The longer one is busy playing Lias programs – learning about the influence which their own interaction can take, the more interesting becomes the play. Each session has its own history. Permanently short image moments appear, which change from a purely abstract level to symbolic legibility. The experience of the movement, and the experience of the moment frame a sophisticated interplay. In this method, Lia extends the language of painting, film, performance and the tradition of computer art.
Text: Joanna Render after an intense e-mail conversation with LIA
CIAC’s Electronic Magazine – no 16 – Fall 2002
With Re-move, Lia gives us ten interfaces that present forms and sounds for the user to modify, transform, fiddle with at the whim of his mouse, either by clicking or by dragging it across the screen. The result consists less of a finished “work” than of aleatory visual and audio events, always different and always changeable. The title of the work, Re-move, underscores the permanent redistribution of forms in works that are always to be renewed.
Art work assisted by a mathematical model is nothing new. In antiquity, well before the invention of computers, models allowing for the application of mathematical formulas, subject to combination, manipulation, transformation, and interpretation, and in view of an outcome not necessarily (although always somewhat) predictable, were implemented in music and architecture, in particular.1
A mathematical model always comprises four components: vocabulary, which corresponds to the list of terms or elements that will be used and related by way of a grammar, which places on their potentially infinite combination certain rules that guide and limit the possibilities; selection, that is, the choice of using certain elements of the vocabulary ordered according to certain rules, following the context of utterance or production; interpretation, finally, which analyzes and applies the resulting combinations. Naturally, this interpretation will be more or less open, depending on the level of determination invested in the combined elements to begin with: the component terms in the vocabulary of a natural language, for example, are more ambiguous, and therefore more likely to give rise to multiple interpretations than those of a formalized language; on the contrary, a model used to combine forms and even sounds to produce “artistic” output may allow greater freedom to user and performer alike. But such models must, from the outset, be rich enough at the vocabulary level and in combinatory possibilities to allow for “interesting” results, from an artistic point of view.
What is precisely “interesting” in Re-move, besides the formal beauty of visual arrangements on the screen, is this tension between chance and necessity that leads the user to consider his own role in their production. This tension is possible here precisely because the “vocabulary” and “grammar” are never explicit. The visitor indeed has, or thinks that he has the possibility of selecting one or the other graphical element, the choice of “launching” or re-launching such and such a motif, of dragging forms one way and the other with his mouse, but, at the same time, these “works” (if one can use the term to describe the ephemeral creations or, rather, re-creations that play out on the screen before his eyes) preserve an aspect of independence and ineluctability that ensures their remaining out of the user’s control. The work of art here is less an object than it is a meeting place between the code and the visitor, or rather a place where the code incorporates the visitor in its web and in its play, like one more factor likely to enrich it and to refine its complexity still further.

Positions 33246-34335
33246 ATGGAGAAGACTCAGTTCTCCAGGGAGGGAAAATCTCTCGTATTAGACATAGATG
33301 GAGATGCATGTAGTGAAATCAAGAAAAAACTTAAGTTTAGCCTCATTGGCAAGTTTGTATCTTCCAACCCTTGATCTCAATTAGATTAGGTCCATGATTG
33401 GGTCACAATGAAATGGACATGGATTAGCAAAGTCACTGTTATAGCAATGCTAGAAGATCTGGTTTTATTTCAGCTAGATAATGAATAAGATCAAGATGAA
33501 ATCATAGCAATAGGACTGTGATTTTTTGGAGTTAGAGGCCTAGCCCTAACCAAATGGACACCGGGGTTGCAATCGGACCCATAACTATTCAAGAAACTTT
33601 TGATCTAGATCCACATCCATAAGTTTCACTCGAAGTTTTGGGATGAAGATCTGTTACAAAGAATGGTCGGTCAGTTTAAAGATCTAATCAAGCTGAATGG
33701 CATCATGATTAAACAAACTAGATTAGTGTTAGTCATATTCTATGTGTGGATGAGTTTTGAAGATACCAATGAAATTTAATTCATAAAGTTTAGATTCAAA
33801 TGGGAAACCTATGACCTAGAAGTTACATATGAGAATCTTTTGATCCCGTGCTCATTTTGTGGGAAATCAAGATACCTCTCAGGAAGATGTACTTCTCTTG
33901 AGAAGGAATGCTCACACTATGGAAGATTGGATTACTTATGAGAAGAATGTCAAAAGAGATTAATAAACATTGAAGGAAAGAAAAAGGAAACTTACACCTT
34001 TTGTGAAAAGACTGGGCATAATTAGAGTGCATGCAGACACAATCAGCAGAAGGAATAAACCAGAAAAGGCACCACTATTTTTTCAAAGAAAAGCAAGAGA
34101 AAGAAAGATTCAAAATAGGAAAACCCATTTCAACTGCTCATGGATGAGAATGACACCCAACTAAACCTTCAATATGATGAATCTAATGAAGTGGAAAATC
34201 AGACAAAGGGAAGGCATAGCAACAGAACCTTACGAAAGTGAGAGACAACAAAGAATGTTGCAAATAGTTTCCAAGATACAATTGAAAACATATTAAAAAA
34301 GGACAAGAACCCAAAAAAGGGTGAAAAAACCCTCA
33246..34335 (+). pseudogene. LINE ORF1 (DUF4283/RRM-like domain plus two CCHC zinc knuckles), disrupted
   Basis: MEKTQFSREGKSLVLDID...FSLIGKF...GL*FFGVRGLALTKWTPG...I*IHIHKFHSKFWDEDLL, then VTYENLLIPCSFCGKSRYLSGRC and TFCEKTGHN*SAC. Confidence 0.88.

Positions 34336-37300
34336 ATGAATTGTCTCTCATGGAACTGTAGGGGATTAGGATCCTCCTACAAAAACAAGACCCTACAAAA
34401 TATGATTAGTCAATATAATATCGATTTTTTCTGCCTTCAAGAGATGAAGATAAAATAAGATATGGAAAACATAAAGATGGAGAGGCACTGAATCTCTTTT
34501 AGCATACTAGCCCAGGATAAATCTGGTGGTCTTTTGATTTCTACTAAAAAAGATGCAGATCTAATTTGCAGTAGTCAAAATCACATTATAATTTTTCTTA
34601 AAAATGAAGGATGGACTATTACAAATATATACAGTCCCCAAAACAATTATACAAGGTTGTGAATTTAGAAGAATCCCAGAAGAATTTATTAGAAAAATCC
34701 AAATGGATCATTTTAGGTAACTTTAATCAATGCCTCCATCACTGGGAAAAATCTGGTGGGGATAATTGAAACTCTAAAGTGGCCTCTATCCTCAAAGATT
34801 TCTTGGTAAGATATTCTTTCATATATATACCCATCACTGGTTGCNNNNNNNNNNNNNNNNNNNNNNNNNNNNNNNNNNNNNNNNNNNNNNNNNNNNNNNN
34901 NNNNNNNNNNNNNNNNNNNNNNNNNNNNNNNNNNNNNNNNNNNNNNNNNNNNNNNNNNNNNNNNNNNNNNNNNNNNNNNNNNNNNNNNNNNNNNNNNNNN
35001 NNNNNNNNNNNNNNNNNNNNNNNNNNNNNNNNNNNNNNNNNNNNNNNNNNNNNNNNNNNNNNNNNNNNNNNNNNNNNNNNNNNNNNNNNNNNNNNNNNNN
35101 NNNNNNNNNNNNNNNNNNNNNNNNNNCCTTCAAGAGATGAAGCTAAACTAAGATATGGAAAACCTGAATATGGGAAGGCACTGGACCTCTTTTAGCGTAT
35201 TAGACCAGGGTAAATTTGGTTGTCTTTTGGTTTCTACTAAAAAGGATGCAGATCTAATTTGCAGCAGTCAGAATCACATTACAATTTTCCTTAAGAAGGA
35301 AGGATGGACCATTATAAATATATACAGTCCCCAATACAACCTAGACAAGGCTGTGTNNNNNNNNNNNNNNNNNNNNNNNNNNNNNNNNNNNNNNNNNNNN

Text: Anne-Marie Boisvert
Online Review at www.newmedia.com (now: www.internetnews.com) – 2000/10
Viennese digital artist Lia sees organic qualities in computer programming, a field most people think of as sterile and artificial. Her site, Re:move.org, is stark and simple, but underlying it is an artistic vision of tremendous depth. The site begins at a bleak splash page with little besides two corresponding bars of numbered buttons and virtually no labeling. Click one of the buttons and suddenly it’s as if your childhood Etch-a-Sketch had been granted supernatural powers. Groovy ambient music sets the mood while you explore a bit, because there are no instructions. The eight white numbers each link to corresponding conceptual pieces. “1” is something of the anti-game: It pretends to let you control it but, frankly, you’re not the boss. It’s like landing the space shuttle with a squirming night crawler as your control stick.
Your actions have consequences, however. For example, one button unleashes a torrent of horizontal lines; another wipes the screen clean. Red and black dots march across the browser window like ants, but by all appearances you can pretty much forget about predicting any outcomes. Whatever algorithm drives the on-screen process is way beyond simple intuition. You can affect the process but it’s not yours to strictly define.
Each piece is like this. Each has a separate feel. “3” practically begs you to take a whopping dose of ecstasy and lose yourself in the space age soundtrack and the pixie dust interplay between a photon spray of little white boxes as they chase your cursor around the page. “8” grates with the noise of a piece of small machinery–like a mechanical pencil sharpener going bad–while an army of ant-like black pixels fan out in paradoxically organized yet random patterns. Click “4” and triaxial shapes vibrate on a seemingly molecular level to the underwater sounds of what appears to be a synthesized kettle-drum/garbage compactor.
There’s something soothing about all of Lia’s creations, despite their sometimes hard edges. When most sites are overly literal and bludgeoning, the art of Re:move.org is compelling, like watching clouds change shape or watching a huge flock of birds suddenly shift direction, with every bird moving according to some pre-ordained signal that’s invisible to us. Even for Lia the work process holds an element of surprise and wonder. “Because mathematics is just working its way and the results are not completely foreseeable,” she explains, “programming can be like creating my own butterflies and watching them fly.”
Text: Andrew Rice